On October 27, 1977, Dr. Gerald F. Ross filed a patent application for a new invention he had devised to defeat the jamming of electromagnetic transmissions at specified frequencies. But it was not until June 17, 2014 — nearly 37 years later — that his patent was finally granted (Anti-jam apparatus for baseband radar systems, patent number 8,754,801).
In the interim, Dr. Ross’s patent application had been subject to a secrecy order under the Invention Secrecy Act of 1951, which both prevented issuance of the patent and prohibited its public disclosure.
At the end of Fiscal Year 2014 (on September 30), there were 5,520 such invention secrecy orders in effect, according to statistics released by the U.S. Patent and Trademark Office under the Freedom of Information Act.
That is the highest number of invention secrecy orders in effect since 1994. It is unclear whether this reflects growing innovation in sensitive technology areas, or a more restrictive approach to disclosure by government agencies.
In fact, the overwhelming majority of current secrecy orders were issued in prior years, but there were 97 new secrecy orders that were imposed in FY 2014. Meanwhile, there were 22 existing orders that were rescinded, including the order concerning Dr. Ross’s invention.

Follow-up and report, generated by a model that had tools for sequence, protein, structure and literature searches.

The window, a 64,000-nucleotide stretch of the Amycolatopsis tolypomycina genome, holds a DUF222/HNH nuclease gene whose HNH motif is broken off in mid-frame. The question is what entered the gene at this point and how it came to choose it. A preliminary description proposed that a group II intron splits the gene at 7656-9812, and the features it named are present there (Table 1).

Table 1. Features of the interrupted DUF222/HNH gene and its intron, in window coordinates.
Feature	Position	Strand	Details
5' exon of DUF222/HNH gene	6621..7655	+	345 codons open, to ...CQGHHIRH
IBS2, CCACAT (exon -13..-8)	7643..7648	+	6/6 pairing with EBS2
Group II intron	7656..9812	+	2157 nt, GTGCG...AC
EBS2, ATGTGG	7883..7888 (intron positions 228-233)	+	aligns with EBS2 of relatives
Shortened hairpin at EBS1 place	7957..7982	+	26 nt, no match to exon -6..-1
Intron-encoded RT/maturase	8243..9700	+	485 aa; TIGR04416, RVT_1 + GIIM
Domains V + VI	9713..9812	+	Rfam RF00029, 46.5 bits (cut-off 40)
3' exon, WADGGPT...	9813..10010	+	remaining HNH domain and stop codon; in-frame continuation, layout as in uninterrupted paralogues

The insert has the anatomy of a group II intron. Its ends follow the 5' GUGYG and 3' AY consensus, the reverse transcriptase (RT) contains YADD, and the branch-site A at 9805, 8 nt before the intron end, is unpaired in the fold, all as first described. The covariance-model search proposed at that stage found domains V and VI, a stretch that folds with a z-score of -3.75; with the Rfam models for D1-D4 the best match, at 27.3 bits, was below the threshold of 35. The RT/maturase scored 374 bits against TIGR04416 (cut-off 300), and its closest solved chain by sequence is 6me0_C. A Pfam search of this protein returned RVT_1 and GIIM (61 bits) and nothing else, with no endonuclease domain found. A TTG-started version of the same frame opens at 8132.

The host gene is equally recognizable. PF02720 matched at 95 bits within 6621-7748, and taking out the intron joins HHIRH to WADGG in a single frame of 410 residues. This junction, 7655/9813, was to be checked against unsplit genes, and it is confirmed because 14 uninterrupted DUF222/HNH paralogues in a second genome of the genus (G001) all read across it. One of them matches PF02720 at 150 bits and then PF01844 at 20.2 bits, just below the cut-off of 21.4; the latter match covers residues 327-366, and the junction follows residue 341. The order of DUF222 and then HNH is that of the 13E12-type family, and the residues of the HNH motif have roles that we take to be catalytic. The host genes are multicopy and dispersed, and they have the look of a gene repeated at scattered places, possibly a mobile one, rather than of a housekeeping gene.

Under the Invention Secrecy Act, secrecy orders may be imposed whenever, in the judgment of an executive branch agency, the disclosure of a patent application would be “detrimental to the national security.” This is a lower, less demanding standard than that for national security classification (which applies to information that could “cause damage to national security”) and not all secret inventions are classified. Some may be unclassified but export controlled, or otherwise restricted.
Other newly disclosed inventions formerly subject to a secrecy order that was rescinded by the government during the past year include these (according to data obtained from the Patent and Trademark Office):
Method of producing warheads containing explosives, patent number 8,689,669
Method of treating a net made from ultra-high-molecular-weight polyethylene, patent number 8,808,602
Ballistic modification and solventless double propellant, and method thereof, patent number 8,828,161
Ballistic modifier formulation for double base propellant, patent number 8,864,923
Synthetic aperture radar smearing, patent number 8,836,569
A supply-side tax credit (STC) could offer a tax incentive to material suppliers and professional service consultants that provide goods or services to affordable housing projects.
The Department of Housing and Urban Development (HUD), Department of Commerce, and Department of Transportation should jointly develop and manage a data resource—a Housing Production Dashboard—to track housing production within and across states.
Exempting affordable housing from volume caps would address the underlying issue and have the greatest impact in this housing emergency.
To increase the supply of affordable homes, Congress should make greater investments in the National Housing Trust Fund (HTF).